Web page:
The true-crime obsession percolates beneath the surface, providing an outlet for adolescent fearlessness and pushing boundaries. On the one hand, reckless behavior is part of the youthful feeling of immortality. Nothing can touch you when you are young — except when you become the cautionary tale. Notoriety comes in many different forms and in this town, the White Woods is full of enticing legends including the beautiful dead girls who will never get old or fade into obscurity. They are forever immortalized, frozen in time in their smiling yearbook photos.
There is also the self-preservation aspect; Lauren reads "Horror in the White Woods" as a form of protection, whereas Elena doesn't have an actual death wish but a twisted desire to be wanted while rebelling against her overprotective mother. "My mom called it the no-no zone," Elena remarks on the fabled White Woods, doubling as a euphemism for her body. Sex in horror often leads to death, which is what both Elena and Lauren's mothers are suggesting will happen if their daughters venture into the White Woods. Sure, Elena's is more open about her slut-shaming, but the "no-no zone" is a cutesy way of presenting the so-called benefits of virginity. She is, of course, unaware that her daughter is hooking up in the safe confines of Lauren's bedroom.
The trip into dangerous territory is to engage in other illicit behavior after Pete has gifted the pair with a pre-rolled joint. The episode portrays three different versions of what Lauren did the night Elena disappeared, which paints Lauren as varying degrees of innocent and guilty. The first depicts Lauren as standing up to her frenemy for dismissing her feelings in the same way her mother does. In this version, she refuses to go to the woods because nothing good will happen. However, she also doesn't disclose Elena's solo jaunt to the police when her friend fails to come home. Her guilt is rooted in inaction, but others think she is haunted by something far greater than this.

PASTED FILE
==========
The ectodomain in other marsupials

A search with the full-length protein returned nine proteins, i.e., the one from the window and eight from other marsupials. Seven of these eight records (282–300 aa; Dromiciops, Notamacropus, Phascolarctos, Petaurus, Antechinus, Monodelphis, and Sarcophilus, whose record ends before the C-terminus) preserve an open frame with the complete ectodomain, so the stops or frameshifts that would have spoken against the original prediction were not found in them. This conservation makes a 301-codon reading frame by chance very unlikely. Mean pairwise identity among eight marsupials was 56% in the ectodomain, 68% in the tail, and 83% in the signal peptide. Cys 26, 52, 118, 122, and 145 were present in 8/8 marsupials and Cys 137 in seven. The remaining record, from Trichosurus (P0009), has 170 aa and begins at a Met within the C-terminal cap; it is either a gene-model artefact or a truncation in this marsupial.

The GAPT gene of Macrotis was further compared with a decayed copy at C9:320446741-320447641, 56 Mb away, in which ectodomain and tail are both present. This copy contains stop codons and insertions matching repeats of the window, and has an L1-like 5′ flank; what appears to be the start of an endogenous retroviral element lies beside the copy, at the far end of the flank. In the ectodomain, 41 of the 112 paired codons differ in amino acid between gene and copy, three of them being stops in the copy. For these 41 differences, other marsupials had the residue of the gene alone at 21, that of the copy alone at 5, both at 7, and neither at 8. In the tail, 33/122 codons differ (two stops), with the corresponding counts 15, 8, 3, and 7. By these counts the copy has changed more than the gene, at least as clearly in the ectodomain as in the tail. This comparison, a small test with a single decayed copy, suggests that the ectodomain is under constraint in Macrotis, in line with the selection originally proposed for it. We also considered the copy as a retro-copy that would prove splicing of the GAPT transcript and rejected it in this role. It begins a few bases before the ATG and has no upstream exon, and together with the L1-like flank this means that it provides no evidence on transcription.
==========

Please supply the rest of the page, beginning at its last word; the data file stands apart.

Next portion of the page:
At Lauren and Pete's wedding, the White Woods' bloody history is shared with the plus ones and friends from out of town. "There's only one thing worth knowing about Iron River. Stay out of the White Woods," giddily warns one dude. He is met by eye rolls from the women at the table as he describes the infamous Lumberjack slayings. The news of a recently discovered body has a sobering impact, as this story isn't one they read about in books but features someone they went to school with.
It has been a decade since Elena disappeared and Lauren is accused of "doing full Elena cosplay." She is marrying Elena's teen boyfriend and she even calls the presumed dead girl's mother "mom." This is enough to send Abigail (Alice Kremelberg) into a murder theory tailspin. "Girl, you have to stop with the true-crime podcasts. It is legit getting out of control," her fellow bridesmaid tells her, but she refuses to drop her case. True crime provided the foundation of their youth and it is still a source in adulthood. In Abigail's version of events, Lauren succumbed to peer pressure, got freaked out and she accidentally killed her — FOMO can have a truly chilling resolution. A handy nearby ax provided the method to dispose of the body.